Rapid Ethical Appraisal: A tool to design a contextualized consent process for a genetic study of podoconiosis in Ethiopia

Gebresilase, Tewodros Tariku, Deresse, Zebene, Tsegay, Girmay, Tessema, Tesfaye Sisay, Aseffa, Abraham, Davey, Gail, Newport, Melanie, Tekola-Ayele, Fasil and Addissie, Adamu (2017) Rapid Ethical Appraisal: A tool to design a contextualized consent process for a genetic study of podoconiosis in Ethiopia. Wellcome Open Research. ISSN 2398-502X

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Abstract

Background: Obtaining genuine informed consent from research participants in developing countries can be difficult, partly due to poor knowledge about research process and research ethics. The situation is complicated when conducting genomic research on a disease considered familial and a reason for stigmatisation.

Methods: We used a Rapid Ethical Appraisal tool to assess local factors that were barriers to getting genuine informed consent prior to conducting a genetic study of podoconiosis (non-filarial elephantiasis) in two Zones of Ethiopia. The tool included in-depth interviews and focus group discussions with patients, healthy community members, field workers, researchers/Institutional Review Board (IRB) members, elders, religious leaders, and podoconiosis administrators who work closely with patients.

Results: Most patients and healthy community members did not differentiate research from routine clinical diagnosis. Participants felt comfortable when approached in the presence of trusted community members. Field workers and podoconiosis administrators preferred verbal consent, whereas the majority of patients and healthy community members prefer both verbal and written consent.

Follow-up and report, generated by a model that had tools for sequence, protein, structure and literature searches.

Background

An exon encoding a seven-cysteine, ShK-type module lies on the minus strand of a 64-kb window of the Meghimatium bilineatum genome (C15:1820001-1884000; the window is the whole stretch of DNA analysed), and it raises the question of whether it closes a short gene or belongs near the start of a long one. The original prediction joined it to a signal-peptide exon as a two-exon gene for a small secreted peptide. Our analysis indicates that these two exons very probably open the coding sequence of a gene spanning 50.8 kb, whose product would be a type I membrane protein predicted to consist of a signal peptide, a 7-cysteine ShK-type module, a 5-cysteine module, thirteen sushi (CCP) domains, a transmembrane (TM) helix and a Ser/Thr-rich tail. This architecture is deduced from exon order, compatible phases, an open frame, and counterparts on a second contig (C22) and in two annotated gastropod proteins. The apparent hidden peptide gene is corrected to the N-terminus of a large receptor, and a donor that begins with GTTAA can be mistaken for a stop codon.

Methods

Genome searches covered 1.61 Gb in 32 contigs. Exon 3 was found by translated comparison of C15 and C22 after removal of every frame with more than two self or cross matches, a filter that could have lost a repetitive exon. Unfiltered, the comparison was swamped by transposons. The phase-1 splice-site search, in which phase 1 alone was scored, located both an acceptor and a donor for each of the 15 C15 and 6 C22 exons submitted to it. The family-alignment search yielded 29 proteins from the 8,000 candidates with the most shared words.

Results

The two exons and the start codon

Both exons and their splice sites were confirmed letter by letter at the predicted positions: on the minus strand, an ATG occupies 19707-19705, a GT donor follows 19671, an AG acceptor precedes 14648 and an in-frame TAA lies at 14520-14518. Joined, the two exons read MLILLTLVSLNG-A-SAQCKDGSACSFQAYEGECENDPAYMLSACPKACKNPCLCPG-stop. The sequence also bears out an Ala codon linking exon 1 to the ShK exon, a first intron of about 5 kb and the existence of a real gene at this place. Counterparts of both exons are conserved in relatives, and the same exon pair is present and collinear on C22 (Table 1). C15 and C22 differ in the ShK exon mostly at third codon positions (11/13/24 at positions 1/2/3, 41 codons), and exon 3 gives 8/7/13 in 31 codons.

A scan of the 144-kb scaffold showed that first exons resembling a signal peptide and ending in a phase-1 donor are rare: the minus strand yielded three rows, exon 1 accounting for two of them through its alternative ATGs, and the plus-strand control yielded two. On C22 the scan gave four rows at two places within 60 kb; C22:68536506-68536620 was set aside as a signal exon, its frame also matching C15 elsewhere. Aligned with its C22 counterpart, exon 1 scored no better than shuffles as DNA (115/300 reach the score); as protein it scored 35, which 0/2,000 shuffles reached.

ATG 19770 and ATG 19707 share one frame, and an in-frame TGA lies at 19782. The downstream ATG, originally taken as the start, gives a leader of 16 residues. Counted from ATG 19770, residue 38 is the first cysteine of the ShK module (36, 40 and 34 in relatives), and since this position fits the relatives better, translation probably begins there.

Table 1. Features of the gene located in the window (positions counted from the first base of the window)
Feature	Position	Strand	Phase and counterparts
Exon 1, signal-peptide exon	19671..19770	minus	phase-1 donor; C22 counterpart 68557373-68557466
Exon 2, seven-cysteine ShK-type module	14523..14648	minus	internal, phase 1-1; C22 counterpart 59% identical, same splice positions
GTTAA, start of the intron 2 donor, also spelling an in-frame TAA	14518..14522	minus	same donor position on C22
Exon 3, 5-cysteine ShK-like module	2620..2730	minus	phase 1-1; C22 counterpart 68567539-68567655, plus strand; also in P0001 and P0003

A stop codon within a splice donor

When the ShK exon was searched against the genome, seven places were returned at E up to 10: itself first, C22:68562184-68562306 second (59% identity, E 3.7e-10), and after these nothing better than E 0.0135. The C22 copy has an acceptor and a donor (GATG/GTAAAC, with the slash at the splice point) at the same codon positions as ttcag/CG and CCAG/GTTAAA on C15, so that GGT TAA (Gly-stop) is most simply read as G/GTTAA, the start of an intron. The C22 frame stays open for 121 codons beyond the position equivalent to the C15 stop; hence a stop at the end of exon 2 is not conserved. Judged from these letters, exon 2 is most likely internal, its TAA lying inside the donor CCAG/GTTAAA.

Participants better understood genetic susceptibility concepts when analogies drawn from their day-to-day experience were used. The type of biological sample sought and gender were the two most important factors affecting the recruitment process. Most researchers and IRB members indicated that reporting incidental findings to participants is not a priority in an Ethiopian context.
Conclusions: Understanding the concerns of local people in areas where research is to be conducted facilitates the design of contextualized consent processes appropriate for all parties and will ultimately result in getting genuine consent.

Item Type: Article
Schools and Departments: Brighton and Sussex Medical School > Global Health and Infection
Research Centres and Groups: Wellcome Trust Brighton and Sussex Centre for Global Health Research
Depositing User: Esther Garibay
Date Deposited: 18 Jan 2018 11:55
Last Modified: 19 Jan 2018 11:02
URI: http://sro.sussex.ac.uk/id/eprint/72952

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